On December 23, 2016, the UN Security Council passed UN Resolution 2334 condemning Israel’s illegal settlements, currently home to over 600,000 Jewish settlers. The resolution is an affirmation of international law, and the first resolution the Security Council has adopted on Israel and the Palestinians in nearly eight years. Although not legally binding, it is nonetheless important measure. UN 2334 works in tandem with grassroots organizing by the international community supporting the non-violent Palestinian-led call for Boycott, Divestment, and Sanctions until Israel complies with international law—a movement MLA Members for Justice in Palestine seek to support with an academic boycott resolution that will be presented for a vote this January at the Delegate Assembly.
The resolution demanding a halt to “all Israeli settlement activities” was put forward at the 15-member council for a vote by New Zealand, Malaysia, Venezuela and Senegal. This happened a day after Egypt withdrew the resolution, under pressure from Israel and US president-elect Donald Trump, who called for the US to veto the measure. The resolution was adopted with 14 votes in favor, and an abstention from the United States. As reported in Al Jazeera, “The United States’ abstention was the biggest rebuke in recent history to long-standing ally Israel, allowing the Security Council to condemn its settlements and continuing construction in Palestinian territory as a ‘flagrant violation’ of international law.”
In Jadaliyya, Ardi Imseis offers an analysis of the resolution that outlines what it can and cannot do, and its potential importance. In this assessment, Imseis underlines ways the resolution complements the work of BDS: “[T]he resolution offers a first in calling “upon all States . . . to distinguish, in their relevant dealings, between the territory of the State of Israel and the territories occupied since 1967.” This is important, for it affirms the Council’s view that third States should remain aware that their bilateral relations with Israel—political, civil, economic, social, cultural—cannot continue as usual. For far too long, Israel has been able to weather the occasional diplomatic and public relations fallout from its illegal and immoral policies in the OPT, knowing that this will result in little actual change in bilateral engagement with influential policymakers and business people in third States. This call by the Council therefore signals a shift with potential implications that can theoretically result in more robust legal, economic and political sanction of Israel abroad, including through measures encouraged by the global Boycott, Divestment and Sanctions campaign.”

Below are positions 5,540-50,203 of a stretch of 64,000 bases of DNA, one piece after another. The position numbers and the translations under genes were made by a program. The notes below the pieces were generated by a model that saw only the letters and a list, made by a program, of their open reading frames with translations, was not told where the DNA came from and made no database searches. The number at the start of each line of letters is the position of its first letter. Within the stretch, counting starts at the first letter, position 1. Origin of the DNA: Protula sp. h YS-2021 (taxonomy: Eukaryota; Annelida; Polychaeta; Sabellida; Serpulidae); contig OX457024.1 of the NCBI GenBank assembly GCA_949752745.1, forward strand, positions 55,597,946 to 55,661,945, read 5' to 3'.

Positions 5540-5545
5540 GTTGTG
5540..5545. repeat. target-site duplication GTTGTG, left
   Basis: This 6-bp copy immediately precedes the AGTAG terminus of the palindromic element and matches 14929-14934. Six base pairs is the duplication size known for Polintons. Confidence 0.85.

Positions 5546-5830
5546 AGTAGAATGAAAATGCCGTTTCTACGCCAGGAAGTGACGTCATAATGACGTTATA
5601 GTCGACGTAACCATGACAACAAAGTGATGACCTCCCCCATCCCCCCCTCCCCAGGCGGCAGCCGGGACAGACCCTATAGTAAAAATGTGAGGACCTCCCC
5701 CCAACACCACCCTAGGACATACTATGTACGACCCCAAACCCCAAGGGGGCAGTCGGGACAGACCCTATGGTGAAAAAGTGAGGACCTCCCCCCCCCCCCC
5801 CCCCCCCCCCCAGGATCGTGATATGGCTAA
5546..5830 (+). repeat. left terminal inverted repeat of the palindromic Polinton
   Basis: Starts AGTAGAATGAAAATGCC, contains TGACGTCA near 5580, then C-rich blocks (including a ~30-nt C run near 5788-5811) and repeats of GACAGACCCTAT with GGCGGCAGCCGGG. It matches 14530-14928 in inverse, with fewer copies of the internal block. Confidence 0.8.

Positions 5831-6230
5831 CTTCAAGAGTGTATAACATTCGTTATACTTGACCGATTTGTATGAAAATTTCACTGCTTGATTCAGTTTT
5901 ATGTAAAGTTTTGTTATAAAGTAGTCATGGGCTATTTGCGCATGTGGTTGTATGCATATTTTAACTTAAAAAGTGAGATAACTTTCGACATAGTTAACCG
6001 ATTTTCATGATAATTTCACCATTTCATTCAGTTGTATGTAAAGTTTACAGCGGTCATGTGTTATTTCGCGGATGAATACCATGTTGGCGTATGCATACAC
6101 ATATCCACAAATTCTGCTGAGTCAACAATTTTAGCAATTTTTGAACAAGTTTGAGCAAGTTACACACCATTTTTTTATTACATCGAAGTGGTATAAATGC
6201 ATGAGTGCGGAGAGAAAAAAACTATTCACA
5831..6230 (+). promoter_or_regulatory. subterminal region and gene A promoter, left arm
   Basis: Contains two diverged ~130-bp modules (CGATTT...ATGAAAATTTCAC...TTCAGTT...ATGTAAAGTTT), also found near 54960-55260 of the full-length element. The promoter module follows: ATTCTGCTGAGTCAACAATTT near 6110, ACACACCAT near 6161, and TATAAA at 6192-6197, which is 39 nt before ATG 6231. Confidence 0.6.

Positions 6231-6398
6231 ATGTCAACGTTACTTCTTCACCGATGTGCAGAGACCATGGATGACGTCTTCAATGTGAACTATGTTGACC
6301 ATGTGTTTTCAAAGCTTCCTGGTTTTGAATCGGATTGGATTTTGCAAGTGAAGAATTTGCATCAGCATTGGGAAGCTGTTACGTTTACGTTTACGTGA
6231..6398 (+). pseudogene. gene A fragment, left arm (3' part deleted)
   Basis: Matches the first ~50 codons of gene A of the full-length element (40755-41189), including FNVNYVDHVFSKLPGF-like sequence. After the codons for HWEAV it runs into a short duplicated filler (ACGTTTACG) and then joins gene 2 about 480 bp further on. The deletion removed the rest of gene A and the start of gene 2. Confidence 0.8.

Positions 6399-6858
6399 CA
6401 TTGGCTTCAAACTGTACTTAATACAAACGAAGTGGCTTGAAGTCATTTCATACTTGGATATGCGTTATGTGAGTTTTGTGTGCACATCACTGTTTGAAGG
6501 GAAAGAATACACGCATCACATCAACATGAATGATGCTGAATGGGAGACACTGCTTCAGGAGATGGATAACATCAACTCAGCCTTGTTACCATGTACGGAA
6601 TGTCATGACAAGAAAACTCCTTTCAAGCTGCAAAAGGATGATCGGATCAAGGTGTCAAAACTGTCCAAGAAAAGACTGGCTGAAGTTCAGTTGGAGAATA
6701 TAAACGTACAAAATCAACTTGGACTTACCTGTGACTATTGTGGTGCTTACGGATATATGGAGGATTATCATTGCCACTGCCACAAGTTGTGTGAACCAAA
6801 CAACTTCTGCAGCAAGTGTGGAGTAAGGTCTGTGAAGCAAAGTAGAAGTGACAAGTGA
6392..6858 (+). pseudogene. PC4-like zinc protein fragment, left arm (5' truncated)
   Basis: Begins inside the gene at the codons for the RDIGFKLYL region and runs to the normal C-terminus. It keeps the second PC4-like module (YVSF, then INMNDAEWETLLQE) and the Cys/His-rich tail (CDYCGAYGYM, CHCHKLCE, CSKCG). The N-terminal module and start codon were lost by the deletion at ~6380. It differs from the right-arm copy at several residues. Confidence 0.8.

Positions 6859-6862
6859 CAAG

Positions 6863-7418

Responses in Israel indicate the power and importance of the resolution. As reported in the Guardian, the move was immediately condemned as “shameful” by the office of the Israeli prime minister, Benjamin Netanyahu.This article also includes responses from those critical of Netanyahu’s “diplomacy,” including columnist Chemi Shalev’s assessment that “Resolution 2334 shatters the [Israeli] government-induced illusion that the settlement project has been normalised, that it passed the point of no return, that it is now a fait accompli that will remain unchallenged.”
In an editorial in the Israeli newspaper Haaretz, journalist Gideon Levy calls UN Resolution 2334 “a gust of good news, a breath of hope in the sea of darkness and despair of recent years.” Gideon also states, “Resolution 2334 is meant above all for Israeli ears, like an alarm clock that makes sure to wake you up on time, like a siren that tells you to go down to the bomb shelter.” This wake-up call, like the MLA Boycott resolution, offers a non-violent and powerful way to contest Israel’s human rights violations. As we enter a new year, the MLA Boycott resolution affords MLA members an opportunity to insist that Palestinians be afforded their human rights, including the right to education and academic freedom.